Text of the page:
I think that kindness may be on par for the ultimate life skill, but not the ultimate business skill. In fact: I’m not even sure that kindness is a “skill.” It seems like more a fundamental way of looking at the world. Kindness is more about character than it is about technical training.

    I would also argue that it’s possible to be unkind and still be successful in business. And if you’re kind but have no particular skills or other qualities, you won’t succeed. So kindness is neither necessary nor sufficient.

    HOWEVER: Kindness may well be the ultimate (meaning: final) differentiator in business. There is nothing more memorable or meaningful than a kind word or deed at the right moment.

    Especially considering every moment you have with someone else could be the last moment you share with them.

  4. I very much appreciate this post. What I know based on my own experience is that I have to consciously and deliberately work on being kind. I have friends who are naturally wired that way. Me, not so much. I tend more towards cynicism and critique. Perhaps I’m a product of an environment where those were the skills necessary to survive…who knows.

    Quick… Pick a color.

    Why didn’t you pick chartreuse? Do we have as little choice in how we filter external experiences and respond as we do in picking a color? Our choices are sometimes made before we are even conscious of them.


  5. Kindness may not be so much a skill, as it is a choice. You make a conscious choice whether to be kind or whether to be rude/arrogant/abusive in conducting your business. It is ultimately about respect and integrity. A coworker or boss who earns respect by being kind and acting with integrity in the work place earns respect from his peers and staff and gains support/loyalty/employee engagement. One who exerts influence through power and aggression only has that influence for a fleeting period of time…..usually only until the employee finds a new job.

  6. I would really like to say by far this is the most influenced article I have read.. I completely agree with after effects of “Kindness”. This would be not only the safest business product, but also a keen learning for entire organization. “Kindness” would be quoted by me as a policy which if injected positively into top management, there is no looking back! This certainly produces a thin like between “The best organization to work for” and “The best organization to work in”. I would go for the second!

  7. A thought provoking article. Indeed it reminded of my employer who treats everyone with kindness but firm in dealing with situations. She has earned the respect of all of us. And this for life and not just until we are employed with her.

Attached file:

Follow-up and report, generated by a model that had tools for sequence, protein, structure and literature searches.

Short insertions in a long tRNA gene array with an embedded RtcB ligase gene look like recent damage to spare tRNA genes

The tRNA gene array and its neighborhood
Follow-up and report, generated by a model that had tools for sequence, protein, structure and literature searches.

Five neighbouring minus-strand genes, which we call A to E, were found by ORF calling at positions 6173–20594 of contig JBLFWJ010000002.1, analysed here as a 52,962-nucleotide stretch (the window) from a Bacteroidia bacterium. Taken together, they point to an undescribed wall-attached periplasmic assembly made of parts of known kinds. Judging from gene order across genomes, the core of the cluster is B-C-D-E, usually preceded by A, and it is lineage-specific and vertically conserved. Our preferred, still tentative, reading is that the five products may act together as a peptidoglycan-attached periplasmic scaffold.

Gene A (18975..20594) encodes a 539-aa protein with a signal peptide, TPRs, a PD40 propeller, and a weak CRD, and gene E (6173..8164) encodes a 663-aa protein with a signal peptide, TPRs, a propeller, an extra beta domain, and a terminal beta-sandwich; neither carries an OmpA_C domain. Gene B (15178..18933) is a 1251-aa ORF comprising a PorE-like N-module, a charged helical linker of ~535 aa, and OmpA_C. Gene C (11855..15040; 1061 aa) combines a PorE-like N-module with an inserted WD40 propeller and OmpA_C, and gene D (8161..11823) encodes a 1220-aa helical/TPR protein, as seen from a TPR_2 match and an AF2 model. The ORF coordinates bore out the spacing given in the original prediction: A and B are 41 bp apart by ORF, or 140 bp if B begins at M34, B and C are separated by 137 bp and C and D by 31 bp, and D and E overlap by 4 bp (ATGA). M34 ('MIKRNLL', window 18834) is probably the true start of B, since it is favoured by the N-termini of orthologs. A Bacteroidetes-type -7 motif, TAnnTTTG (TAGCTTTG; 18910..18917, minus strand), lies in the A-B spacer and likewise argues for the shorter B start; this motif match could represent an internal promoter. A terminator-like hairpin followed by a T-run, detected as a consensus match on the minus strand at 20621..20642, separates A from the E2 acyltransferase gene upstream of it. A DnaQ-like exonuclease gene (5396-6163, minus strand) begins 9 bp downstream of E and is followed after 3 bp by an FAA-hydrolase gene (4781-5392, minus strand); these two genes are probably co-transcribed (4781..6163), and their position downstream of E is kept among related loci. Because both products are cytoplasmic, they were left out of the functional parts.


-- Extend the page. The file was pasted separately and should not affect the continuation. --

8. Meredith (the photographer) at the Capital St. Starbucks! Talk about a morning-brightener. 🙂

    And Lindsay loves, loves to go see Kris and Andrea at Silver in the City. They’ve actually gone from store-people-we-like to friends.

  9. The aggressive manner never sits well with me and seems ineffective over the long haul. While there are times when you may wonder if you are being “aggressive” enough, it is stories like these that give the answer. Well played.

  10. AMEN! Wonderful article. Can I work for you???

    I wish more people thought this way, particularly when it comes to my industry. My bosses’ told me that they value my coworker’s rudeness (that’s putting it mildly), and it’s just a shame that it carries over into other parts of her life (read: every part of her life). It seems more of a hindrance to me, because other people become defensive and rude as a result and kind people like myself get caught in the middle. I find that if I treat others kindly in the workplace they will respond quickly and graciously. My variation on your saying is “you catch more flies with honey,” and I truly believe it, in the workplace or out.
    Meanwhile, my bosses’ are hiding in their offices…

  11. I spread this mantra of kindness across my social circles. One thing that needed to be discussed was what if your boss is the work place bully? I’ve heard the saying “kill them with kindness” and that does help in most cases, but in some they don’t. Life is too short to come home stressed and aggravated by workplace bullies. Time to spend your life in a better place working for nicer people!

  12. I always did my best to be kind to people when I was in retail. It paid off in more ways that I ever expected. Since then I always try to be nice to people, I’m not perfect at it, but I do make an honest effort.